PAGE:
So far, we discussed the ways to identify new collocations in others’ texts. In a next blog post, I will talk about developing a system to record, practice, and finally master the newly-learned collocations.

And now is the time for this post’s quick quiz. What sentences would you make with the “simple” words “for,” “boastful,” “respect,” “in,” “lack,” and “manner” I proposed to use instead of “contumacious” and “gasconading”?  Comment on this post if you want to play!


[1] Fry, E. B., 1925, & Kress, J. E. (2006). The reading teacher’s book of lists (5th, 1st ed.). San Francisco, CA: Jossey-Bass.

[2] Ross, S., & Sayers, J. (2014). Modernism meets digital humanities. Literature Compass, 11(9), 625-633. doi:10.1111/lic3.12174

Credit for  photo of books:

About Kaveh

Kaveh is an EAL Specialist at the CAC.

Kaveh Tagharobi has two MA degrees in English, the second  one completed at UVic in 2017 with a concentration in Cultural, Social, and Political Thought (CSPT). Before starting to work at the CAC in 2013, he was an ESL/EFL instructor for 10 years in Iran, teaching a variety of topics to high school, undergraduate, and graduate students.  At the CAC,  Kaveh works with both international and domestic students,  helping them to plan their research, organize their writing, edit for grammar, and improve their reading and critical thinking skills.


“Ouch! That hurts!” Tough writing feedback leads to audience-centred writing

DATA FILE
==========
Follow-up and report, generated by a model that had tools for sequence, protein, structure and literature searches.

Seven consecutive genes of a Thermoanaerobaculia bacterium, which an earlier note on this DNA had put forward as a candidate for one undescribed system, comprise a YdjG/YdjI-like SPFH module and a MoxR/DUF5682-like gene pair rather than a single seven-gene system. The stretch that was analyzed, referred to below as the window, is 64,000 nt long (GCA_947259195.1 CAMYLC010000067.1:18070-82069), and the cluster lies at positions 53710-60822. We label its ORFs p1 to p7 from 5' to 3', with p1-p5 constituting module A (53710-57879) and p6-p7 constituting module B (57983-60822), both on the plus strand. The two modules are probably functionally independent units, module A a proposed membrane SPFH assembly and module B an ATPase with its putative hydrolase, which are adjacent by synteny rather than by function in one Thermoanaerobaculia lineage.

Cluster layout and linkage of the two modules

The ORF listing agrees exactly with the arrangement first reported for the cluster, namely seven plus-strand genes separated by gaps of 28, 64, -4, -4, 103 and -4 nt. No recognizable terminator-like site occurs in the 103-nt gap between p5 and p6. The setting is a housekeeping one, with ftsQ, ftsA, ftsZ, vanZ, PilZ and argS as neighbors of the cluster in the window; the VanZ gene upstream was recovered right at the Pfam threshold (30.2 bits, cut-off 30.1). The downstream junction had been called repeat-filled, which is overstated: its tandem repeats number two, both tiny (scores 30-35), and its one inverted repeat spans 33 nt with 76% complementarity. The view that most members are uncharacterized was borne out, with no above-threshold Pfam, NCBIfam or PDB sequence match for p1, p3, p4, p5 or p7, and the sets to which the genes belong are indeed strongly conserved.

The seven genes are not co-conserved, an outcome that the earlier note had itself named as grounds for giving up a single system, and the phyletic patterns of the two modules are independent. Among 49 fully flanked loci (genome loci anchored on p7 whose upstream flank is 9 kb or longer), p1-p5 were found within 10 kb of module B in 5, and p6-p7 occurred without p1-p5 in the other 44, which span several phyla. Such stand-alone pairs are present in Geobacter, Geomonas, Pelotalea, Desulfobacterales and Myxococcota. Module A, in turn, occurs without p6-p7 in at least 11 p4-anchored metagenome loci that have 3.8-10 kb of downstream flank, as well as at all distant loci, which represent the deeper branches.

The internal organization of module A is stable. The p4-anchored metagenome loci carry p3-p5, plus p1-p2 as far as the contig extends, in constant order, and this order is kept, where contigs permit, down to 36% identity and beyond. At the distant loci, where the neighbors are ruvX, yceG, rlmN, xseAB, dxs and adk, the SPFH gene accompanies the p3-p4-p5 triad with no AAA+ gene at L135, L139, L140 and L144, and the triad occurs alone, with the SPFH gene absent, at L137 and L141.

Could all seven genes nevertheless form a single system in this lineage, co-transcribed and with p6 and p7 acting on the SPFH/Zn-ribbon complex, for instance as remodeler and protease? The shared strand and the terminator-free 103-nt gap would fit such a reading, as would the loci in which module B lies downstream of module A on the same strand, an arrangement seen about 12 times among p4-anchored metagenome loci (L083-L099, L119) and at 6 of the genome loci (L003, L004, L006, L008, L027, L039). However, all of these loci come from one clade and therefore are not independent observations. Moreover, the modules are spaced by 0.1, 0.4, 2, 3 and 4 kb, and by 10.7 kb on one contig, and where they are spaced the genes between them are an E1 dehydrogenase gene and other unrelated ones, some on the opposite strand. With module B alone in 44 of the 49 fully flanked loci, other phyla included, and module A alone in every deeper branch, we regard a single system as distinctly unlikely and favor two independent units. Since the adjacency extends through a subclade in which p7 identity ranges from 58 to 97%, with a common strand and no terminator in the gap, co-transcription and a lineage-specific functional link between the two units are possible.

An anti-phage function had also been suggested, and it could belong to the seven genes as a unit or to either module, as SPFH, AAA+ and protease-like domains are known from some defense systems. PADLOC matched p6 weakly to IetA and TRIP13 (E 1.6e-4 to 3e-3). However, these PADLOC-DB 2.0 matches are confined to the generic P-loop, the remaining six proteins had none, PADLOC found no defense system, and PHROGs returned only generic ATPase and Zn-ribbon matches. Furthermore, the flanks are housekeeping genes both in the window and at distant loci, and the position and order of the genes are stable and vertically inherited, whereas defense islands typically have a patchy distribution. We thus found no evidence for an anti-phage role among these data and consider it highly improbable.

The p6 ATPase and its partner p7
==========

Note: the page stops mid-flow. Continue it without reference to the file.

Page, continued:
By Nancy Ami

I’d written the following sentence:

Manager-trainees need to demonstrate fundamentals of active listening

I received the following suggestion:

Manager-trainees need to demonstrate fundamentals of active listening.

I bristled.  My sentence captured my key point: given the range of active listening competencies, managers-in-training need only display fundamental active listening skills. Then I thought, “Who cares? Why am I reacting so intensely to this suggestion?”

Writers can’t help it. They are frequently elated or levelled by suggestions on their writing. In his article, ”‘I feel disappointed”: EFL university students’ emotional responses towards teacher written feedback,” Omer Mahfoodh examines university EFL students’ emotional reactions to writing feedback. He notes the range in emotions students experience when receiving feedback on their writing and suggests having such emotional responses can affect students’ understanding and utilization of teacher written feedback.

Much has been written about giving meaningful, inspiring feedback on student writing. In her book, Feedback that Moves Writers Forward: How to Escape Correcting Mode to Transform Student Writing, Patty McGee states that the biggest learning is “feedback is first about listening.” She stresses the importance of hearing writers’ intents and outlines the importance of “fundamentals” that include the phrasing and timing of written feedback. Writing coaches applying such feedback basics can inspire rather than deflate writers.